The Transnational Institute's History Founded in 1974

The Transnational Institute (TNI) was founded in 1974 as the international programme of the Washington DC-based Institute for Policy Studies. For 50 years, TNI’s history has been entwined with the history of global social movements and their struggle for economic, social and environmental justice.

Orlando Letelier at TNI

Photo by TNI

Former director Orlando Letelier

TNI throughout its history has:

Frequently identified crucial issues on the horizon – third world debt, World Trade Organisation, corporate power, carbon trading - and played a key role in putting them on the agenda for social movements.

Been bold in tackling structures of power, even though this led to the assassination of its first director, Orlando Letelier by the Chilean secret service.

Had a deep mutually respectful relationship with grassroots movements,from national liberation movements in 1970s and 1980s to those comprising the global justice movement more recently.

Brought together and catalysed networks, from the foundation in 1977 of one of the first global organisations studying transnational corporations, Transnational Information Exchange, to the formation of the Linking Alternatives Network in 2006.

Dedicated itself to putting forward alternative proposals to reflect the just world that TNI, its Fellows, staff, and networks are committed to turning into reality.


TNI Timeline
TNI timeline

… to a special meeting in Paris

Nine years later in October 1972, at Barnet and Raskin’s request, Parisian-American Susan George arranged a dinner for them and for philanthropist Samuel Rubin with French political figures and intellectuals who all opposed the Vietnam War.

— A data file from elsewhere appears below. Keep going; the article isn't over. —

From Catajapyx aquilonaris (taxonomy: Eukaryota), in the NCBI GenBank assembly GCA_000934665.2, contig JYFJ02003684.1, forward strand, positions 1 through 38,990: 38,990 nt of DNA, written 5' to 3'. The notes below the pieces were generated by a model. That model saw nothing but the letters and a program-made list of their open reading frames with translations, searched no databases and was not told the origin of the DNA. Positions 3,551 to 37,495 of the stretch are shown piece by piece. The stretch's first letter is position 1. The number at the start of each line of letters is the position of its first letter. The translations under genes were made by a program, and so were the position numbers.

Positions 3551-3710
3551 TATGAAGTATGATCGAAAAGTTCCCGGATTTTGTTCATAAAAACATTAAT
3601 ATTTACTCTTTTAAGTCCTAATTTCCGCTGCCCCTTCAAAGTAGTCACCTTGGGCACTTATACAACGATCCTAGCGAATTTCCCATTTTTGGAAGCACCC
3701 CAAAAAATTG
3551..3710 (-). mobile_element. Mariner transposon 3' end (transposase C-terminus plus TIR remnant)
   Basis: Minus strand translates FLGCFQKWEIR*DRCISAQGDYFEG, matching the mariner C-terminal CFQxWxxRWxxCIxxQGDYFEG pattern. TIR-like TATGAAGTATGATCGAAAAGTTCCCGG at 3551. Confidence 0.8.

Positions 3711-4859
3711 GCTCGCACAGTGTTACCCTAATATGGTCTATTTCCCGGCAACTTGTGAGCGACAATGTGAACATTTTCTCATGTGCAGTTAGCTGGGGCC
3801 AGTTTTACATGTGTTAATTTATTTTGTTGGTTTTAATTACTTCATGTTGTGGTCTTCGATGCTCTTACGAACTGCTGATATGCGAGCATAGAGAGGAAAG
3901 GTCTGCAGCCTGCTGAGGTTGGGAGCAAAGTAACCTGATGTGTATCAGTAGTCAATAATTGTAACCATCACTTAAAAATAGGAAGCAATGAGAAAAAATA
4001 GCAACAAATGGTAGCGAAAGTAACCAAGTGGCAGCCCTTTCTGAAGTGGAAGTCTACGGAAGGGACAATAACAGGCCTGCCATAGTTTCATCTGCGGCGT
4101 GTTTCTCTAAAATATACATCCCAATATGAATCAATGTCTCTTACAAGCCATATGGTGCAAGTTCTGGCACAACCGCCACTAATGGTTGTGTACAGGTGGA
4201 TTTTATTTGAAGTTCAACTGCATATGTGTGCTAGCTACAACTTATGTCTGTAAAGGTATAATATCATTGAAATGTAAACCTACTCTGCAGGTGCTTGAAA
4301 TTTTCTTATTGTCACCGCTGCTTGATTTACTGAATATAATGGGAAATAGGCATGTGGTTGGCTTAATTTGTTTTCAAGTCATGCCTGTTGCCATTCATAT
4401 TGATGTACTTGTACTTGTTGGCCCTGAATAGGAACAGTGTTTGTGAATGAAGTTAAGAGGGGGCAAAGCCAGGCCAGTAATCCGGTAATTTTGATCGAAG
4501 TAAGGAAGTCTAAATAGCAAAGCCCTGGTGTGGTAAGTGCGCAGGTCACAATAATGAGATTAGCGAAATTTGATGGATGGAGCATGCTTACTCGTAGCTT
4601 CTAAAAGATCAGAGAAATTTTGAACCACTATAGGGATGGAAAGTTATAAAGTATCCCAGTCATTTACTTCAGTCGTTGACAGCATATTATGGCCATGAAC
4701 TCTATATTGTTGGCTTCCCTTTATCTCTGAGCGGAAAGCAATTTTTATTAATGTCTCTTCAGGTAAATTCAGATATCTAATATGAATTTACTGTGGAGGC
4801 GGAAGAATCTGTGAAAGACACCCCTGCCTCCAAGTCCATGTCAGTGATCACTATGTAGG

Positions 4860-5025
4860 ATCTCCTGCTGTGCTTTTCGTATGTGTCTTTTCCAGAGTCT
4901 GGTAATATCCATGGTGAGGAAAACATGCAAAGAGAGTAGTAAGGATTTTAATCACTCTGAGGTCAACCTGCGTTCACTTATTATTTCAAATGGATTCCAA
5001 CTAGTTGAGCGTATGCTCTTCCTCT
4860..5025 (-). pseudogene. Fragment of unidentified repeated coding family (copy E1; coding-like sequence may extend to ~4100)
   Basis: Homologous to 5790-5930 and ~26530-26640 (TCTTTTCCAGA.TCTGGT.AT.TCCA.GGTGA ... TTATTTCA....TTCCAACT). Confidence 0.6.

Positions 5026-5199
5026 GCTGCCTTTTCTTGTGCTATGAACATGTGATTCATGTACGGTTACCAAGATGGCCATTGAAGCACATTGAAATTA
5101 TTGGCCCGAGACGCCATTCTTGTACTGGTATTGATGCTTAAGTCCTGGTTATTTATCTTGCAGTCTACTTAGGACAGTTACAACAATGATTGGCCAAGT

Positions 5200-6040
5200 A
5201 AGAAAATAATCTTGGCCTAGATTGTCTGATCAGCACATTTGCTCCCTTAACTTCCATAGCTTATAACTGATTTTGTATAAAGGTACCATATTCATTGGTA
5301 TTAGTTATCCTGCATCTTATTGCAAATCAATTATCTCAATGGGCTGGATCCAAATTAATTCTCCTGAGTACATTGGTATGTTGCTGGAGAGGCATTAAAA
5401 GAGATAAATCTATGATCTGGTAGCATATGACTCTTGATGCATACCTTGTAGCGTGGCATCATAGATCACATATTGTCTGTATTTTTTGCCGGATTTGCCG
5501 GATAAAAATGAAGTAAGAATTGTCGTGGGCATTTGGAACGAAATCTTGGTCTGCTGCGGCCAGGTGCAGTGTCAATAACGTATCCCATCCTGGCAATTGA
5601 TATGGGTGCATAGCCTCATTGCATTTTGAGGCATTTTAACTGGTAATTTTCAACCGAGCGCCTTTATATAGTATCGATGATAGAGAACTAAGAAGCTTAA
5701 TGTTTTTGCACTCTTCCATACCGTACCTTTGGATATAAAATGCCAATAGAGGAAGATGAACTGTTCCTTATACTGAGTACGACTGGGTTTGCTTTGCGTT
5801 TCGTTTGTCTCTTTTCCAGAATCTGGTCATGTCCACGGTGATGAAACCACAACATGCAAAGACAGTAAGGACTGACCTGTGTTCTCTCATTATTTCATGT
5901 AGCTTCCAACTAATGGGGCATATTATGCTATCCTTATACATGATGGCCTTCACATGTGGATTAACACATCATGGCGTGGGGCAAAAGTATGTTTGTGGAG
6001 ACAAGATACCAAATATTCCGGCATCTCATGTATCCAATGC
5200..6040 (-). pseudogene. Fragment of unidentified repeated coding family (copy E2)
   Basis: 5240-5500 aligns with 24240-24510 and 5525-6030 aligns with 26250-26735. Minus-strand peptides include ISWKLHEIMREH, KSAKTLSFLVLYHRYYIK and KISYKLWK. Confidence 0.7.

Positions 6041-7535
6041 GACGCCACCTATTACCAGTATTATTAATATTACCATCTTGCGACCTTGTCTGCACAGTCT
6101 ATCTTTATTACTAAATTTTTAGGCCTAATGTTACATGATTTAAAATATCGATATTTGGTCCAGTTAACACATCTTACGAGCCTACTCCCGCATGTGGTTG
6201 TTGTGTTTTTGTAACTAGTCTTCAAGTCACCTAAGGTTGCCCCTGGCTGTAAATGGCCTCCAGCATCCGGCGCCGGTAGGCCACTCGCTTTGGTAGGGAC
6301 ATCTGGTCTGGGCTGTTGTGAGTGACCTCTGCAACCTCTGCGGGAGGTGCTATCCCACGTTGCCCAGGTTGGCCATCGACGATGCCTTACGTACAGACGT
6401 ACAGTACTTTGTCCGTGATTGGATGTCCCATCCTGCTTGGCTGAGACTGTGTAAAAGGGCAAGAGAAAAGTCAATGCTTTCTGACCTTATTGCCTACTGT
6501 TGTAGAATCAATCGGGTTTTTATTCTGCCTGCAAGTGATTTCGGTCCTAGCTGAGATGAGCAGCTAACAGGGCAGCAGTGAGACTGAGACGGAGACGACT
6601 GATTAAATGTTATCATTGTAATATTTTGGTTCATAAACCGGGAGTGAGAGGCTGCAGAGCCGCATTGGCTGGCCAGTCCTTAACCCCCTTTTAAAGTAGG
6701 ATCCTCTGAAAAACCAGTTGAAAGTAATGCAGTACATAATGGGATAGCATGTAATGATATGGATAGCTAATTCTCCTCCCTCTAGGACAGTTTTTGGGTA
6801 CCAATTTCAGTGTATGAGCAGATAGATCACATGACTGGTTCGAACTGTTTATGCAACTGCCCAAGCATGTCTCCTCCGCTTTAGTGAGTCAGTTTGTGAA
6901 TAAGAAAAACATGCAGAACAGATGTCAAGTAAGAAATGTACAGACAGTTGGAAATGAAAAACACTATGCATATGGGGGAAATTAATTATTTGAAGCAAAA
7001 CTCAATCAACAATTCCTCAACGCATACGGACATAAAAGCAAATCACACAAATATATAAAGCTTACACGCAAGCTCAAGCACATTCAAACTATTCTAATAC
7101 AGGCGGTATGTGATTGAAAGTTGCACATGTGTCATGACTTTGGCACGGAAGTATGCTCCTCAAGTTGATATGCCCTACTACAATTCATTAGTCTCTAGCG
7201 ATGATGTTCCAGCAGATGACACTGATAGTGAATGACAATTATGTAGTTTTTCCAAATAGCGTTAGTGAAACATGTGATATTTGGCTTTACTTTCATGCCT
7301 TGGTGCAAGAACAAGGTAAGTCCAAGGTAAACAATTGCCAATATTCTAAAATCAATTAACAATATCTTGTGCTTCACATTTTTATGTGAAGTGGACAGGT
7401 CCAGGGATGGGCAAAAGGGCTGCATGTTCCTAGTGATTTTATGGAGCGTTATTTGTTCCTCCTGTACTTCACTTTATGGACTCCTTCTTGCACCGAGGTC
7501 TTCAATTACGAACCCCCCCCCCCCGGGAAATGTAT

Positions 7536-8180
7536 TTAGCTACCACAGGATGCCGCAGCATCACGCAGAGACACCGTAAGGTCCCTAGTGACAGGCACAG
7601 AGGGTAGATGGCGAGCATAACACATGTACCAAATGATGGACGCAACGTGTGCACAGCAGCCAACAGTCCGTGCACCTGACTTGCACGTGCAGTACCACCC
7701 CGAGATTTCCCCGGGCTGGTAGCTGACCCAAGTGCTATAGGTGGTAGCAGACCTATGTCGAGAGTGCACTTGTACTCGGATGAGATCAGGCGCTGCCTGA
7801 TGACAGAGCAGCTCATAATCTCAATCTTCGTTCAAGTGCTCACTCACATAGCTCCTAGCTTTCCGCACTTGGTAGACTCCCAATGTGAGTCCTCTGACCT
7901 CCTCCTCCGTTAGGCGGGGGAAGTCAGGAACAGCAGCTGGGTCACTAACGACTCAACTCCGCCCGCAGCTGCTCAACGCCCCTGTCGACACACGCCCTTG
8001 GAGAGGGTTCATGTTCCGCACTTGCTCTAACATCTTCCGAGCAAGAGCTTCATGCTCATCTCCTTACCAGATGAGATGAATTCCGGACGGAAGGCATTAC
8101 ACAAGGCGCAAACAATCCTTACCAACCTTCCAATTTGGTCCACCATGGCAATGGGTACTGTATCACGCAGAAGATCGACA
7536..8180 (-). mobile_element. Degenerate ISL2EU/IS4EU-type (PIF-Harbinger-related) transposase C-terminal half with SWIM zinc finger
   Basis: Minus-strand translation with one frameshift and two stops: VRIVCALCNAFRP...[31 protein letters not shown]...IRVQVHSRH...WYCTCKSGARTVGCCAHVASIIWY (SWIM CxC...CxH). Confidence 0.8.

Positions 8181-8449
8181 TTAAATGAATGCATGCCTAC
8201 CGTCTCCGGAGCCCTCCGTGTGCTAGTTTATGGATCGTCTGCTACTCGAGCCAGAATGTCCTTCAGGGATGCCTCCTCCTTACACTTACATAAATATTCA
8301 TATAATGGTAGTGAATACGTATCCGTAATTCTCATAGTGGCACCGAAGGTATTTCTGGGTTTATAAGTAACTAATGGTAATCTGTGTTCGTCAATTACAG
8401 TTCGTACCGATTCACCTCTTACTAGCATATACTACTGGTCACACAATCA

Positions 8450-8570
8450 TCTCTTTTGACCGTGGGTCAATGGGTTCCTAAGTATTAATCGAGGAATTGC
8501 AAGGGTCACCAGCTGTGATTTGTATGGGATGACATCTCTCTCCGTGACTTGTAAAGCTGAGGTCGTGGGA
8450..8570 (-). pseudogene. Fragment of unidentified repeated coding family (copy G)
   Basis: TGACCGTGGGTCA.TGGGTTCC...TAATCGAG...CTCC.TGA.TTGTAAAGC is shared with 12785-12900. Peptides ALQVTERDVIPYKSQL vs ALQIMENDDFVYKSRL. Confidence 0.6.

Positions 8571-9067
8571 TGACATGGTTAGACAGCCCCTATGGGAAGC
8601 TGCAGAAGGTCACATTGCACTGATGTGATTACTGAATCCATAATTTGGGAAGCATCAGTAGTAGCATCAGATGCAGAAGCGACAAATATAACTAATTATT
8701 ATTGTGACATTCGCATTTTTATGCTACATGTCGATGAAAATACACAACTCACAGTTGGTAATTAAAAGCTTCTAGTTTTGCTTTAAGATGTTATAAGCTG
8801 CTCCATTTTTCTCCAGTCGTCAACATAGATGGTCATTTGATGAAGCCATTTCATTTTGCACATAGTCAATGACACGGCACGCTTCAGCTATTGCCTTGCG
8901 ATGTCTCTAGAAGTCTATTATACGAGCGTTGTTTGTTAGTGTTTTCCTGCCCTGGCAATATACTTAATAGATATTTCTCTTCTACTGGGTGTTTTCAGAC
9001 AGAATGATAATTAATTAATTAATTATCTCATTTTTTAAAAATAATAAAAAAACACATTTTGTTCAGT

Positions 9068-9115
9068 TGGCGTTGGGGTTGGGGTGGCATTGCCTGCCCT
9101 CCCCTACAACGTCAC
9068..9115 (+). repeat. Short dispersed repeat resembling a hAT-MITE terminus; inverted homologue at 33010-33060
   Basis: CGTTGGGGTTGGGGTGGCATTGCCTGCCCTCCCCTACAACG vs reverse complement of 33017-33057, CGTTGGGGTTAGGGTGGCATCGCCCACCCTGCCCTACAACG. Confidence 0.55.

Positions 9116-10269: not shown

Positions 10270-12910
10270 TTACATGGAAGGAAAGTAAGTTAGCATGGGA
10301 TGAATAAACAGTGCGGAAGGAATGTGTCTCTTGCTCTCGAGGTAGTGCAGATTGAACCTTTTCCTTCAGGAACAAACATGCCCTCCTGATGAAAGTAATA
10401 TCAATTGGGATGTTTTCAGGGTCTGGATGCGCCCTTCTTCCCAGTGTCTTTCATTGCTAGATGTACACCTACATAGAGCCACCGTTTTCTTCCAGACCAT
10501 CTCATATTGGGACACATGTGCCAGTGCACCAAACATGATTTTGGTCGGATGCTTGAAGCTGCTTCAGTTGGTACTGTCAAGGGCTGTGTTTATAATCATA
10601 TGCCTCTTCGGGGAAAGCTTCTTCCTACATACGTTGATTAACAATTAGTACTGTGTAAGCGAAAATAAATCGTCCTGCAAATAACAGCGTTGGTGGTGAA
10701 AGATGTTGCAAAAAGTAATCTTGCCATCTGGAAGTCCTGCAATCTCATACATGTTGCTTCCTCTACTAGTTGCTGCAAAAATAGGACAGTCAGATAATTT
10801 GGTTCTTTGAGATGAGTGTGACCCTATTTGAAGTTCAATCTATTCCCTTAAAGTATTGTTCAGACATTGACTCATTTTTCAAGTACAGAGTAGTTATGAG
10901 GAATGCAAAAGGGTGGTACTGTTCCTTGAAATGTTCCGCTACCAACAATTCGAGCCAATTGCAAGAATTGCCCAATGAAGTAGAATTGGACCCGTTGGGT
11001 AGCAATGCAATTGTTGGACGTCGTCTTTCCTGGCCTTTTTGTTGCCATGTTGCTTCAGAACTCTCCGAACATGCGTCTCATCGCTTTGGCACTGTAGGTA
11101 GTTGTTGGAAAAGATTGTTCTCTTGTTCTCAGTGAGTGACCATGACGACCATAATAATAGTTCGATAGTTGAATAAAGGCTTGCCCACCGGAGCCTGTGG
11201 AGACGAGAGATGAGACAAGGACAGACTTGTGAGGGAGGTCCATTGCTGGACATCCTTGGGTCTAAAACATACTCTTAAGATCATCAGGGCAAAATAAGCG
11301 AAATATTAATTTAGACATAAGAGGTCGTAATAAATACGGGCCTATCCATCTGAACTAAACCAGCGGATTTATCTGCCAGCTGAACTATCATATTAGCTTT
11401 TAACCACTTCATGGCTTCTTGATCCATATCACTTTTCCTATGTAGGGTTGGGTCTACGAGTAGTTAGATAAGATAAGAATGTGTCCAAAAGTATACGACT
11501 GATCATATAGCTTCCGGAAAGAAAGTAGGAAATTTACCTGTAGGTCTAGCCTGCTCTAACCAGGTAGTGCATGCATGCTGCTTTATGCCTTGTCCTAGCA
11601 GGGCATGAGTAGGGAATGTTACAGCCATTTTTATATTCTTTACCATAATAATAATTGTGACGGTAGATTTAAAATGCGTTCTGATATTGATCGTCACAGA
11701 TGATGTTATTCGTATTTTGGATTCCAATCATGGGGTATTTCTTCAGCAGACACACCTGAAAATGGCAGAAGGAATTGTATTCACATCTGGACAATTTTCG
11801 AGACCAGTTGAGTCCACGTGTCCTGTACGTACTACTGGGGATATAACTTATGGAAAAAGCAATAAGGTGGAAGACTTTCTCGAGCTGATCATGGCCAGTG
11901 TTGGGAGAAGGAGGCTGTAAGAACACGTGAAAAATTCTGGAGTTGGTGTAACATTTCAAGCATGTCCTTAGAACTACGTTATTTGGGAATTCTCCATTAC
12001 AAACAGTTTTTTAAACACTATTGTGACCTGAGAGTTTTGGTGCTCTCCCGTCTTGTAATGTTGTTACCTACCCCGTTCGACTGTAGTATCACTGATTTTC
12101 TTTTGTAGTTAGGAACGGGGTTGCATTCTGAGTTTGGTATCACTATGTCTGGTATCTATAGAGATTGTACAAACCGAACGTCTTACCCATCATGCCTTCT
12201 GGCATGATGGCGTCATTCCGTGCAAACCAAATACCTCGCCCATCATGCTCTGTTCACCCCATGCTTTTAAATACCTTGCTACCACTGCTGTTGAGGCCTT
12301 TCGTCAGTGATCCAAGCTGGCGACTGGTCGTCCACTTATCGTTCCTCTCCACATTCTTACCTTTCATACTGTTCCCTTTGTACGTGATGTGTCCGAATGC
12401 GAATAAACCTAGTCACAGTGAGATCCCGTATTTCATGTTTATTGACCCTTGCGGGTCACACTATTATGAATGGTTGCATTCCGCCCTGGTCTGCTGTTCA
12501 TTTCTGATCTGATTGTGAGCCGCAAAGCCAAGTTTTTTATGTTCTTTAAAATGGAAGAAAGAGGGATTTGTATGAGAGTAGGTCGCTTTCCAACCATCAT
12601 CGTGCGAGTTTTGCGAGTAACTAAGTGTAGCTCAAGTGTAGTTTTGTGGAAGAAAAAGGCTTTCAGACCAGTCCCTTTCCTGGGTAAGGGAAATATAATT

Some twenty five progressive people met that evening at  the Closerie des Lilas in Paris (a renowned haunt of figures like Hemingway and Lenin) to discuss setting up the Transnational Institute in Europe.

After dinner, Samuel Rubin spoke to declare his hopes for TNI: “Since we all agree that the world is suffering from war, from inequities, from the inhuman treatment of perhaps more than two thirds of humanity, let us come together to examine these questions and to see what answers we can collectively produce that may perhaps deliver us, as humanity, as the human race, into a world different from the one we are living in today.”

… to going global in Amsterdam

In 1973, Eqbal Ahmad, a Pakistani journalist, professor, and dedicated revolutionary was commissioned to take a five-week trip across Europe to consult about the idea of the Institute with over 200 individuals representing a wide political and intellectual spectrum. He arrived as TNI's first Director to an empty building opposite the Van Gogh Museum in Amsterdam, given to TNI by philanthropist Ed Jans, on 9 November 1973. Soon he had turned TNI into an intellectual hub, bursting with activity.